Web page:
Outside investors buying up property in Fort Wayne, but local investors hang on

FORT WAYNE, Ind. (WANE) — Local developer John Nichols hasn’t completed renovations on the Centlivre apartments, restoring the complex to its once chic address, but part of his day is spent fending off offers from outside developers.

“We get calls weekly for sure, sometimes daily, about the property and other properties that we may have. Emails, texts, inquiries definitely. I’d say the majority of them come from New York City,” Nichols said.

A homebuilder before he entered commercial development in 2008, the last two years have been remarkable.

Local developer John Nichols pictured here inside the newly renovated main office at Centlivre apartments says the most aggressive interest in his properties comes from New York City.

“We’ve gotten inquiries from Indianapolis, Detroit, Columbus, Ohio, New York City, Chicago, looking for bringing in private equity groups – REITs – to purchase those properties,” Nichols said.

The most aggressive firms come from New York City with “Wall Street ties, some of those private equity groups,” Nichols said from his base on Westbrook Drive where he and his partners are in the final phase of Centlivre’s turnaround.

Local real estate investor Mike Anderson says the last year and a half, the problem has become “obsessive.” Three to four phone calls a day, five postcards and six or seven letters a week, emails, a couple of texts a day.

“They call late night. They’ll call 9-10 at night. They’ll call on weekends. They’ll call Sunday morning. It never stops.

And every single one of them is ‘hi Michael’ instead of calling me Mike, so I always know it’s triggered. They’ve looked at the property tax record card or they’ve called off that compiled list that you can buy and they will always ask if they can have the property. They try to lowball you as much as they humanly can and generally come in about half price on anything. It’s obsessive. It’s annoying,” said Anderson who owns about 200 properties, primarily in the West Central and Lakeside area with a few “down the Fairfield corridor.”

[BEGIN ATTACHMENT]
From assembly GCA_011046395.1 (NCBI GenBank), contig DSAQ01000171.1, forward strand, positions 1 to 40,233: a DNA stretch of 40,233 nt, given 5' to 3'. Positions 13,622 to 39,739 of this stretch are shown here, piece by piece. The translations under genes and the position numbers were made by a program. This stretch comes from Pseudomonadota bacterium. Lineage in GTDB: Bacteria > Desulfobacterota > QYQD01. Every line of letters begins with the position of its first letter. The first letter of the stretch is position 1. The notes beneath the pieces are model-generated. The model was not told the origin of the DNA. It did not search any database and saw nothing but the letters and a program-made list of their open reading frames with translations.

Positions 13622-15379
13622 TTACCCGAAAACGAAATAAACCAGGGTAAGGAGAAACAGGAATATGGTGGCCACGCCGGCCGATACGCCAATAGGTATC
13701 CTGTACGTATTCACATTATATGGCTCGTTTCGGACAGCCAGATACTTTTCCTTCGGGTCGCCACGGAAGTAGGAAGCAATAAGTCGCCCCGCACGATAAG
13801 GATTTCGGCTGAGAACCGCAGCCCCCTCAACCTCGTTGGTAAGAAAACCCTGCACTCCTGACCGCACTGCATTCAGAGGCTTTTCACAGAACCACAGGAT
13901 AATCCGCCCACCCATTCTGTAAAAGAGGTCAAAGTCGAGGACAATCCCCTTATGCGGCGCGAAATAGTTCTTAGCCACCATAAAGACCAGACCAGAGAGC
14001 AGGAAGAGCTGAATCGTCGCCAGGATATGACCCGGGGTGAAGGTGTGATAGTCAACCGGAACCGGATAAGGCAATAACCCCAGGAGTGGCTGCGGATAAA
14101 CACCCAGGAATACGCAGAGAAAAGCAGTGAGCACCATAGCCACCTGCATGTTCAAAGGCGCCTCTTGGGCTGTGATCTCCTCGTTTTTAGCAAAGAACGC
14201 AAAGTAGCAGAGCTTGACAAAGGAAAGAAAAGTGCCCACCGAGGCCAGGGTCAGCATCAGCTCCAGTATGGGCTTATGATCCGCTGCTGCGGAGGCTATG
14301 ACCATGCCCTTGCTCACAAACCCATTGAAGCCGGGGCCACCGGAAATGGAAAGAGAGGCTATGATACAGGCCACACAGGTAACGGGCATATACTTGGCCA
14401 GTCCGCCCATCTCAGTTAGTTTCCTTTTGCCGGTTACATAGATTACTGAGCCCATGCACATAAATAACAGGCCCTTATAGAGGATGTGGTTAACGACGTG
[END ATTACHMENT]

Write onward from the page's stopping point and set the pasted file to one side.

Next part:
Anderson said there are reasons why outside investors are trying to snap up whatever real estate they can. Property values are skyrocketing and Fort Wayne is “an incredible place to invest.”

“People see an opportunity to make money. It’s impossible for them to steal property in New York anymore. It’s impossible to steal property in California or Florida anymore. They come here and they’re predatory. They take advantage of the locals to take the property,” Anderson said.

The investors don’t put the property in their names, Anderson said. “They simply just get a contract that says “you’re going to sell it to me or whoever I assign and they sell the paper. They don’t take it into their name. They never record with the county. They don’t pay any taxes. They just make the money. They buy it on paper. They turn around and try to sell it for $20,000 or $30,000 more and they put nothing in it.”


Allen County Assessor Stacey O’Day backed up what Anderson had to say.

“We don’t always see the transaction,” she said. “They don’t change the name of the LLC.”

WANE 15 obtained data from the Assessor’s Office that shows how outside ownership has grown in the county.

In 2015, 1,440 commercial properties were owned out of state; today that number is 1,845, a jump from 14.8% to 18.6%.

Likewise the number of out of state firms owning residential rental properties has jumped from 10.4% in 2012 to 14.5% today. However, the number of apartments or complexes with 40-plus units hasn’t changed much.